In the distance to the left of the Arcade Depot is a large structure in the Boyle Heights neighborhood that looks like it could have been the Los Angeles Orphan Asylum, which opened in 1891, though the angle is a little tough to determine along with the distance, as that building stood at the corner of Boyle Avenue and Stephenson Avenue, later renamed Whittier Boulevard.
Fifth Street is largely emptied, though there are a few pedestrians at the intersection in the foreground and the next block east, but it is apparent that the photographer captured the trio of streetcars, especially the pair in the foreground for a reason, perhaps to show them in concert with the depot, where the cars stopped. In fact, the one on the right in the foreground has a sign on the front reading “Arcade Depot.”
These were trolleys operated by the Los Angeles Railway Company, which had extensive lines of service within the boundaries of the city. It was around this time, in 1898, that the company was acquired by the Southern Pacific, specifically because of the agency of its Vice-President, Henry E. Huntington, nephew of the firm’s president, Collis P. Huntington. Two years later, the elder Huntington died and a hostile takeover of the Southern Pacific and its parent company, the Central Pacific, by eastern railroad titan E.H. Harriman left Henry cut loose from the situation, though he was allowed to take the Los Angeles Railway with him.
By the turn of the century, Huntington relocated to Los Angeles, expanded the LARY, as it was known, and then engaged in a spectacular project, during that boom mentioned above, to develop his streetcar system through a huge section of greater Los Angeles. In 1911, there was a consolidation under the general name of the Pacific Electric Railway.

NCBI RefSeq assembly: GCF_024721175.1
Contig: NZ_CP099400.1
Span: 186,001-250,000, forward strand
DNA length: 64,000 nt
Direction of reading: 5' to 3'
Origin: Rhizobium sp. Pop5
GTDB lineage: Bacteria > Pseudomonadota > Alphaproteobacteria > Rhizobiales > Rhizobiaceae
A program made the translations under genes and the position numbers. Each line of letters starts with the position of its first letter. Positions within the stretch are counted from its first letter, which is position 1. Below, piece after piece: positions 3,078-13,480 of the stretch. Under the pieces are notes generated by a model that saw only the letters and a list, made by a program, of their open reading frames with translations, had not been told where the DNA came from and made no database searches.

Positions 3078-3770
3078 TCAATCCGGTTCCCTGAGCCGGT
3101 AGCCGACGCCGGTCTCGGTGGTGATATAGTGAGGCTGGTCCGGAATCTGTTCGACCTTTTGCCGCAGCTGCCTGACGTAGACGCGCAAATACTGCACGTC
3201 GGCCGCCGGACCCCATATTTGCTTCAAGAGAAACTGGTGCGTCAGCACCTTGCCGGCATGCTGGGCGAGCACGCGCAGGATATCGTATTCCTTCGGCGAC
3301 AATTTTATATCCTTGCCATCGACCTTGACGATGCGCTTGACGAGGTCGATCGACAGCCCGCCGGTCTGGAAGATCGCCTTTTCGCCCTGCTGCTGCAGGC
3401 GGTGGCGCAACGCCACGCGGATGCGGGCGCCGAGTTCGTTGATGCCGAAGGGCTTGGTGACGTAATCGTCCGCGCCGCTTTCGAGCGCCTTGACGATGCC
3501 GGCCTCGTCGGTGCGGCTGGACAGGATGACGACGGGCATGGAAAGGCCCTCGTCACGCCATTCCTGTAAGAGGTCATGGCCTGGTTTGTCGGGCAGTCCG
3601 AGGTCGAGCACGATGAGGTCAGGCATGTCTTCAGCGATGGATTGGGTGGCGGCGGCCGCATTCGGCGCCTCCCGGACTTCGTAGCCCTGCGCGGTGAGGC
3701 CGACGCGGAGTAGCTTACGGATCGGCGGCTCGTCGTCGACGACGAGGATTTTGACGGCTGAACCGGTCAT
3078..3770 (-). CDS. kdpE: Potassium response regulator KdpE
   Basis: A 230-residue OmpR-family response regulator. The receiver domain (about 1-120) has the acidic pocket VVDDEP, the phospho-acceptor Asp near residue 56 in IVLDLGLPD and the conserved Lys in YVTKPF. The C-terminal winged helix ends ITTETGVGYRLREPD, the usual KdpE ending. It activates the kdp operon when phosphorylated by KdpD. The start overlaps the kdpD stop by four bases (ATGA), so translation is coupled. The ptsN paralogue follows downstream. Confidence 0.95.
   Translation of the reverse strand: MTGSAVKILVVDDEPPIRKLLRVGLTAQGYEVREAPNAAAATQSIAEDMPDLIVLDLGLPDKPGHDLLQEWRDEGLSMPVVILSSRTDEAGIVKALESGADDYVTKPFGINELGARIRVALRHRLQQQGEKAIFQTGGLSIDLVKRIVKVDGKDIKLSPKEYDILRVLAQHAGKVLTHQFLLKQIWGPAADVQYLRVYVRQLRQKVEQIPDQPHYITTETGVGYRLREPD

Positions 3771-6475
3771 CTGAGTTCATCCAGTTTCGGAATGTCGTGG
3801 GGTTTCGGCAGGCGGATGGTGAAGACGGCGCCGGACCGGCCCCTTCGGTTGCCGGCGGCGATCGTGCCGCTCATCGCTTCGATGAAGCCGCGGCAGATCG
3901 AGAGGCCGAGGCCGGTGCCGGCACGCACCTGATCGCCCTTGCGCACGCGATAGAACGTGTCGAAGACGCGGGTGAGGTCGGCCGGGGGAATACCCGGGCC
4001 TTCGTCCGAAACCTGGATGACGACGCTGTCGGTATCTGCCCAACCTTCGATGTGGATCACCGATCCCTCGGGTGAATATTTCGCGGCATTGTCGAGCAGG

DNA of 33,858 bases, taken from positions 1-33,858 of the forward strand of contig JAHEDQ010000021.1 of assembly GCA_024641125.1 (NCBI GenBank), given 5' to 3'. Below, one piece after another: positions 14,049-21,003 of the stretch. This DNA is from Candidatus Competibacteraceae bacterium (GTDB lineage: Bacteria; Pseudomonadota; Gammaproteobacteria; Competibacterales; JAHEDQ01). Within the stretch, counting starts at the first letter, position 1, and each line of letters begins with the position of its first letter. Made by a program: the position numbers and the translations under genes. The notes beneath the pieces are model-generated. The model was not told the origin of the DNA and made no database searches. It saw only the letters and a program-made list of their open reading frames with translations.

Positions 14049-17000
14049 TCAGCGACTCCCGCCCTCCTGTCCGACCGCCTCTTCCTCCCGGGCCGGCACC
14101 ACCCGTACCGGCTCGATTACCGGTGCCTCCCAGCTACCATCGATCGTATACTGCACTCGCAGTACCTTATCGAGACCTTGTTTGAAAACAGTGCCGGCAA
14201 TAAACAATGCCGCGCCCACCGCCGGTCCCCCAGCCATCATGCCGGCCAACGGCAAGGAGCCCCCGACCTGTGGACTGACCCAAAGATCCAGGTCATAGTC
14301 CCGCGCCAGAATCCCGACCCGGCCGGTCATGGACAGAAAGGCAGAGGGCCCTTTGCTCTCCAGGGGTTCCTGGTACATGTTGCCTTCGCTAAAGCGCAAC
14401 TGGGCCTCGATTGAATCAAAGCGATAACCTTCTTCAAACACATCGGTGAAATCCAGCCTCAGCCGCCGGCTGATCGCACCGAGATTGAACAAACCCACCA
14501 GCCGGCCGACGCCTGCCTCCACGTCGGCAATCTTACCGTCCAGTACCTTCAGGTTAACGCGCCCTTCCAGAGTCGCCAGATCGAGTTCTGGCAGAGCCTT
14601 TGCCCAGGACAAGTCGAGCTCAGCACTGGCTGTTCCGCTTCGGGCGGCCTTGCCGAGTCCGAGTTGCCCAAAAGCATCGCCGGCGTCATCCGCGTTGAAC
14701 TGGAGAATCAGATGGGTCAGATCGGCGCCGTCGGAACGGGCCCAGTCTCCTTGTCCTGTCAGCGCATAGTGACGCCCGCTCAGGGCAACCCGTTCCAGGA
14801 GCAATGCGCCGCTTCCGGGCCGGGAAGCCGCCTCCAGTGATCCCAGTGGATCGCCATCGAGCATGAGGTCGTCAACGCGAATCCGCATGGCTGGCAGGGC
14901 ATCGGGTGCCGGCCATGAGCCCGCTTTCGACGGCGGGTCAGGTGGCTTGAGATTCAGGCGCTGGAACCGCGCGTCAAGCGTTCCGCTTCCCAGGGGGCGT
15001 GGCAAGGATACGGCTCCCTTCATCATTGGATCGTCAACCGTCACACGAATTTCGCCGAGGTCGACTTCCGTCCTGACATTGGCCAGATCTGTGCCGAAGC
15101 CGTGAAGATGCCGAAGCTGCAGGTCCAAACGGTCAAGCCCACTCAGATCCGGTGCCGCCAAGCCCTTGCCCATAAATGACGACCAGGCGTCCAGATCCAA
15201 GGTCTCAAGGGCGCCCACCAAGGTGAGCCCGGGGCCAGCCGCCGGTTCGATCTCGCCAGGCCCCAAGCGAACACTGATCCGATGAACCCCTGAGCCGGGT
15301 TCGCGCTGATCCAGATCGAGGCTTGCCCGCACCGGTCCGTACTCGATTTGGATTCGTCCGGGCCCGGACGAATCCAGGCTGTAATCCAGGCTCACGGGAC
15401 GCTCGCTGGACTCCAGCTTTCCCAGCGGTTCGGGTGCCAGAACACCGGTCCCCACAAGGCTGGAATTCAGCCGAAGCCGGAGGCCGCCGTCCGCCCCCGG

As for Huntington, he retired from active business affairs in 1910 and dedicated himself to his personal passion, his remarkable collection of rare books and manuscripts, soon augmented by the fine art holdings of his second wife, and widow of his uncle Collis, Arabella Archer Huntington. Later, these were stored and exhibited at his San Marino estate, now the Huntington Library, Art Galleries and Botanical Gardens.
This photo is a great document of an area of downtown Los Angeles that was in transition, moving gradually from a residential section to a commercial district as the 19th century ended and the new one began. Over the course of subsequent decades, especially in the area around the Arcade Depot, the industrial corridor of the city grew significantly. As the city center began to age and industrial and commercial development left for nearby areas, this section of town became Skid Row.
Sadly, in the terrible rise in homelessness in recent years, this area has become the core of this population and it is striking to see just how many more people are living on the streets. Just a short distance from where the photographer stood to take this photo, the Los Angeles and Union Rescue missions are situated, doing what they can to serve the homeless. Comparing this image to what is there today is jarring, to say the least.